Riyaz Faizullabhoy

Docker for AWS and Azure: Secure By Default Container Platform

Docker for AWS and Docker for Azure are much more than a simple way to setup Docker in the cloud. In fact they provision by default an infrastructure with security in mind to give you a secure platform to build, ship and run Docker apps in the cloud. Available for free in Community Edition and as a subscription with support and integrated management in Enterprise Edition, Docker for AWS and Docker for Azure allow you to leverage pre-configured security features for your apps today – without having to be a cloud infrastructure expert. You don’t have to take our word for it – in February 2017, we engaged NCC Group, an independent security firm, to conduct a security assessment of Docker for AWS and Docker for Azure. Included in this assessment is Docker for AWS and Docker for Azure Community Edition and Continue reading…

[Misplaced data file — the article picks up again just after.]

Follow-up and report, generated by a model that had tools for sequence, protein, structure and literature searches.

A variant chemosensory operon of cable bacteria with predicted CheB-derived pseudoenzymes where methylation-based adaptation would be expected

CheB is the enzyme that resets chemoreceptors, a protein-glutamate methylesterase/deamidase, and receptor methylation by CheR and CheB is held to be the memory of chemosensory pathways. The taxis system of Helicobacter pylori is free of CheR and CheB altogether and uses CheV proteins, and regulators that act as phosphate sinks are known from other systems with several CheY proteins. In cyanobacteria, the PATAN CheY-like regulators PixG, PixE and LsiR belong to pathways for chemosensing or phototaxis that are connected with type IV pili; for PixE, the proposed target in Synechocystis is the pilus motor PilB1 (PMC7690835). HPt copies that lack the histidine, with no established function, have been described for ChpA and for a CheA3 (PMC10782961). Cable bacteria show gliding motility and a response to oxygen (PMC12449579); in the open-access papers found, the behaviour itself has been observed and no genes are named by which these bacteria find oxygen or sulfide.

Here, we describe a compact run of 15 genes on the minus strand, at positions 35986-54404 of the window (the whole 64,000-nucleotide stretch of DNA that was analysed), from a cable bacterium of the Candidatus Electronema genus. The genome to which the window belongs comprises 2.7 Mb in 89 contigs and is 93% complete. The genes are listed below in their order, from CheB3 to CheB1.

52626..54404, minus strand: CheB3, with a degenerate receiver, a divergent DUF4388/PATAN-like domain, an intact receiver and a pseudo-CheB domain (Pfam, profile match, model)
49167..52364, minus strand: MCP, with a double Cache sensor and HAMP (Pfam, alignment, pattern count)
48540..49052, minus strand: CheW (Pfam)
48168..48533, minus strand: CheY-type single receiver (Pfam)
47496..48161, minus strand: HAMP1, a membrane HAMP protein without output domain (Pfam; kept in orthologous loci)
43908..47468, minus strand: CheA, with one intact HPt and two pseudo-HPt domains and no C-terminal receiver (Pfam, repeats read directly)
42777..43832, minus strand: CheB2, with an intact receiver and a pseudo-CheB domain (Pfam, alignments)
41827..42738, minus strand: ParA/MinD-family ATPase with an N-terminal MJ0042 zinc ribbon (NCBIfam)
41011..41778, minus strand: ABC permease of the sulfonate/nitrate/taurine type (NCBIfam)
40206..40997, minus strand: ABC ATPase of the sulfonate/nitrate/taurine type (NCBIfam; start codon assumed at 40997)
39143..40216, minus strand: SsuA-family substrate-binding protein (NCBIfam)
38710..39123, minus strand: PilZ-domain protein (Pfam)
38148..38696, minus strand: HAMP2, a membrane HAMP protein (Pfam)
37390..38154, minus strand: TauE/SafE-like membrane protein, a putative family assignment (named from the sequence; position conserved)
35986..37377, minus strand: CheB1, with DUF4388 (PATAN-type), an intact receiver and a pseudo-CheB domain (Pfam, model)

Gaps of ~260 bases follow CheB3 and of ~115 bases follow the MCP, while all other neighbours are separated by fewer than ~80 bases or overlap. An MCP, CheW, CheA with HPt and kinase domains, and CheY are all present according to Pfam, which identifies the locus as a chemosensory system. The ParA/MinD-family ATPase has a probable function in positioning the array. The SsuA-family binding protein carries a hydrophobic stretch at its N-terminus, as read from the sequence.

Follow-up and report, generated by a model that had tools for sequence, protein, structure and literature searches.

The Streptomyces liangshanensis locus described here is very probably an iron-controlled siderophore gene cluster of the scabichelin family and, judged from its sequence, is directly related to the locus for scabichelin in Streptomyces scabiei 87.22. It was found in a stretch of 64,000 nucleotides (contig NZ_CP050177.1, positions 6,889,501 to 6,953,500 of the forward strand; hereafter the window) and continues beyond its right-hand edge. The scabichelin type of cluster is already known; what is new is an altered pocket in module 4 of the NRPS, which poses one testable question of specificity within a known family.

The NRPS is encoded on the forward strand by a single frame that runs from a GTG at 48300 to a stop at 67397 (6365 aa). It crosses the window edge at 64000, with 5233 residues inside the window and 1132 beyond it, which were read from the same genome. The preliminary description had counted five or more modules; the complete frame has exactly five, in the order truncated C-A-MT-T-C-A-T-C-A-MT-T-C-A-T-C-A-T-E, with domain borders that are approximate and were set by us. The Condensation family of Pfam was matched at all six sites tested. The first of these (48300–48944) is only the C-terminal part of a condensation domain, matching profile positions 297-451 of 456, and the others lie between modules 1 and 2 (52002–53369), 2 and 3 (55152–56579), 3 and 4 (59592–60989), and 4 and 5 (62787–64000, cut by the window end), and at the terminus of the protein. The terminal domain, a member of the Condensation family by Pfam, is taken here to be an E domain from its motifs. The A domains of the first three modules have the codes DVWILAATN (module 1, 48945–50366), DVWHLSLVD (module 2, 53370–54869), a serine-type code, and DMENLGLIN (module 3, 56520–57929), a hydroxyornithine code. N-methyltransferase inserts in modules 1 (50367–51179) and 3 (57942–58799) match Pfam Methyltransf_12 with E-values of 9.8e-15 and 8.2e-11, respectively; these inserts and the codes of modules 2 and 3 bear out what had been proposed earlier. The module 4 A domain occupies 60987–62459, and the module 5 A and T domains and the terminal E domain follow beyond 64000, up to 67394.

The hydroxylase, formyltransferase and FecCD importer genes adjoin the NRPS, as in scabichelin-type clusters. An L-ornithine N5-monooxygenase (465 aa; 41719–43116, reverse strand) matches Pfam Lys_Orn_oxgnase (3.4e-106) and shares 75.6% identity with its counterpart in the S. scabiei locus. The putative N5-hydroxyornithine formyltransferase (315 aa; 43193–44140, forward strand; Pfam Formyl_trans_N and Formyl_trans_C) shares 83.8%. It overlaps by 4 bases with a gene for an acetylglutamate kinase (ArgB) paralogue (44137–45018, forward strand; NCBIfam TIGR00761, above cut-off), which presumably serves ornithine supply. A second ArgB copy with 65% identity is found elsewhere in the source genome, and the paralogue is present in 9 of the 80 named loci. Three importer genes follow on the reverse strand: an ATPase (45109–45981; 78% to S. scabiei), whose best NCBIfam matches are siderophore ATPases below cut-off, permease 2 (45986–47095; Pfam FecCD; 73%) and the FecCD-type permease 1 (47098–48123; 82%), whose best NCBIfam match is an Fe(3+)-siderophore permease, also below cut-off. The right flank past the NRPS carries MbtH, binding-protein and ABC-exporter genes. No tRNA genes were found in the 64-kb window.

David Lawrence

Docker Security at PyCon: Threat Modeling & State Machines

The Docker Security Team was out in force at PyCon 2017 in Portland, OR, giving two talks focussed on helping the Python Community to achieve better security. First up was David Lawrence and Ying Li with their “Introduction to Threat Modelling talk”. Threat Modelling is a structured process that aids an engineer in uncovering security vulnerabilities in an application design or implemented software. The great majority of software grows organically, gaining new features as some critical mass of users requests them. These features are often implemented without full consideration of how they may impact every facet of the system they are augmenting. Threat modelling aims to increase awareness of how a system operates, and in doing so, identify potential vulnerabilities. The process is broken up into three steps: data collection, analysis, and remediation. An effective way to run the process is Continue reading…